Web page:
Genre: Arcade, Action, Adventure, Platformer
System: Nintendo Switch (Also on Steam (Windows & macOS))
Developer|Publisher: Nighthouse Games | Versus Evil
Age Rating: EU 3+ | US Everyone
Price: US $19.99 | UK £17.99 | EU € 19,99
Release Date: April 14th, 2022
Review code provided with many thanks to Plan of Attack PR.
Pull Your Socks Up
Sockventure is a 2D challenging platformer that has a sparkle of child-like innocence to it. The game follows a familiar formula of games in this genre by presenting a difficulty that some may find will cause the stress levels to rise a little bit too high. But if you’re hungry for a new challenge then Sockventure ticks a lot of the right boxes without smelling too bad.
The Imagination of Children
You begin the game by playing a young boy who has been tasked by his mother to collect all his smelly socks and throw them in the washing machine located in the basement. But the little boy’s imagination runs away with him and he soon fantasizes about the washing machine turning into a monster and eating his socks including his favourite pair.
All is not lost as a hero sock is ready to jump into the jaws of the dreaded washing machine and go on a sock rescue mission. It’s a pretty cute premise for a game. Kinda reminded me of when I was little how I would turn mundane tasks like tidying my bedroom into a fun adventure. Whether you are a child or young at heart this game is suitable for absolutely all ages.
Jump and Exit
Sockventure follows a familiar path for a challenging 2D platformer. Your goal is to collect socks. Some are obtained by following the game’s main path and some are discovered by finding secret challenge rooms. When you find a new sock you can wear it, changing your appearance. Level design is straightforward. Simply move and jump your way to the exit while doing your best not to die on the many hazards on display. Levels are pretty short and snappy making this a pretty good game to dip in and out of in short bursts.
I really liked the flow of the game. Rather than starting off too hard, it does a pretty good job breaking you into the experience with a steady increase to the challenge. As you progress you’ll unlock new moves like wall jump, double jump and dashing. Each is pretty well drip-fed to avoid the gameplay becoming too stale.
Controls for the most part are pretty tight with your sock fella initially walking and jumping about at a comfortable pace. I really enjoyed my time with this game until the very end when things take a turn for the absurd. In the last hurdle, you learn a move where you need to dash and jump. For me, this just didn’t click at all and in the final section, you’re required to be pretty proficient with it under a heated time limit.
There are some other features that also didn’t quite gel, like these weird dash orbs which zip you forward but give you very little time to angle the path you take. When the levels speed along I found it pretty tricky to remember what move to use later in the game when you have quite a few under your belt. But if you like your challenging platforms you’ll probably thoroughly enjoy yourself. With each death it’s right back to the start of the level. In the options, you are able to turn on the games only accessibility option which plops a checkpoint within the level. If you’re prone to getting frustrated with the challenge I highly recommend switching this feature on.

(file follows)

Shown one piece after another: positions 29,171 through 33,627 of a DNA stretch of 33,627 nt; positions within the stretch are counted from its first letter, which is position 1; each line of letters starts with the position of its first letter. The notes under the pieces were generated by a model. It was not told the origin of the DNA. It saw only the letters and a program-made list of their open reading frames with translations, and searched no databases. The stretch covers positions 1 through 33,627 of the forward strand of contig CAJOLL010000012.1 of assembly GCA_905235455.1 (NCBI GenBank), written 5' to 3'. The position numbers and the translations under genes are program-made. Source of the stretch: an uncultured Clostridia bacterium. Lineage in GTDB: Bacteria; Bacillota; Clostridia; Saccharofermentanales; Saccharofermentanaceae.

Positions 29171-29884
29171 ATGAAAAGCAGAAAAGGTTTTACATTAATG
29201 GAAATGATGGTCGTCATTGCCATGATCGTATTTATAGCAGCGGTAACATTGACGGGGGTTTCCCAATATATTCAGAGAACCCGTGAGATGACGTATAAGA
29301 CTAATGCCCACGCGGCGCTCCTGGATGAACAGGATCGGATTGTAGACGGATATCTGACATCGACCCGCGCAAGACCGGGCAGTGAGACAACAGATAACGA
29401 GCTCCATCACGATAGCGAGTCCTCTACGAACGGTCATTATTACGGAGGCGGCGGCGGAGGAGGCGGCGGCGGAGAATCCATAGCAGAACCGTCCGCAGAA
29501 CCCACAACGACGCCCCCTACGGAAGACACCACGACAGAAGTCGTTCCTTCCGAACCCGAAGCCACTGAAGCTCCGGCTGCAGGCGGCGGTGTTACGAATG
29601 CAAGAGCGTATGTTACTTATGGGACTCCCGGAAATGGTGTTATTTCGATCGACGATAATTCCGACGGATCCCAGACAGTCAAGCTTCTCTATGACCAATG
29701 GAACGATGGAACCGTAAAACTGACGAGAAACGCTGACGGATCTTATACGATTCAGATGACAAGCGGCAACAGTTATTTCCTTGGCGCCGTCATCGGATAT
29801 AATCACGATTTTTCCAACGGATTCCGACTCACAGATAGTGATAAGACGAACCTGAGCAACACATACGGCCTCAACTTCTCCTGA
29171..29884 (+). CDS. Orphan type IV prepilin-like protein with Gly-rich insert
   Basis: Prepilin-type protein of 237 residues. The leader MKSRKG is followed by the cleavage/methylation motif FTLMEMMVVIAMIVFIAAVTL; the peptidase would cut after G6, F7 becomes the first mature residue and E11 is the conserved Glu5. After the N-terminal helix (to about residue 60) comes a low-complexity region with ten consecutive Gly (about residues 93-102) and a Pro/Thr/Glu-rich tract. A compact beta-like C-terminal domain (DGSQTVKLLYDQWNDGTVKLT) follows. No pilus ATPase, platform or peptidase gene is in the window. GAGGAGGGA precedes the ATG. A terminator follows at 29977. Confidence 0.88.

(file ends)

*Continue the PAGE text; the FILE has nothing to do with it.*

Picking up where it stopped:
The graphics are simple but quite appealing thanks to a vibrant colorful art style. Considering the entire game is set in an evil washing machine I was pretty impressed by the varied level of design and colour on display. For fans of my reviews I can confirm Sockventure does contain buzzsaws. How and why a washing machine requires buzzsaws is something that clearly requires further research by myself.
Anyway usually the buzzsaws thing will roll my eyes but I have to say this game has some rather pretty buzzsaws with an eye-catching neon flavour to them. So good job Sockventure, you are totally buzzsaw approved. The game also has a pretty good techno-inspired soundtrack. If my washing machine came out with beats like this I would probably do washing more often.
Your first run through the game will take around four hours depending on your skill level. If you want to collect everything this will take significantly longer. There is also an incentive to replay by collecting all the coins in the level, finishing under a certain time and finishing the level without dying. The latter being a feat I had absolutely no interest accomplishing. For speed run fans you can switch on a mode that will unlock all the abilities at the start as you try to beat the game as quickly as possible. If hard platformers are not your thing you may prefer to watch someone else master this than play.
Conclusion – Comfy Socks
Sockventure is one of the better hardcore platformers I have played. When I was in the flow of things and somehow magically weaving through all the hazards I was having a terrific time. But I really didn’t like the difficulty spike at the end of this game. It felt a bit like a washing machine cycle where everything is going so well only for the darn thing to break down at the end and leak onto the floor. Sockventure thankfully is not that disastrous and if you like your hard games this will absolutely gel with you. It’s a solid game that feels like a pair of socks I have worn before. But sometimes comfy is enough and Sockventure will certainly entertain.
Final Verdict: I Like It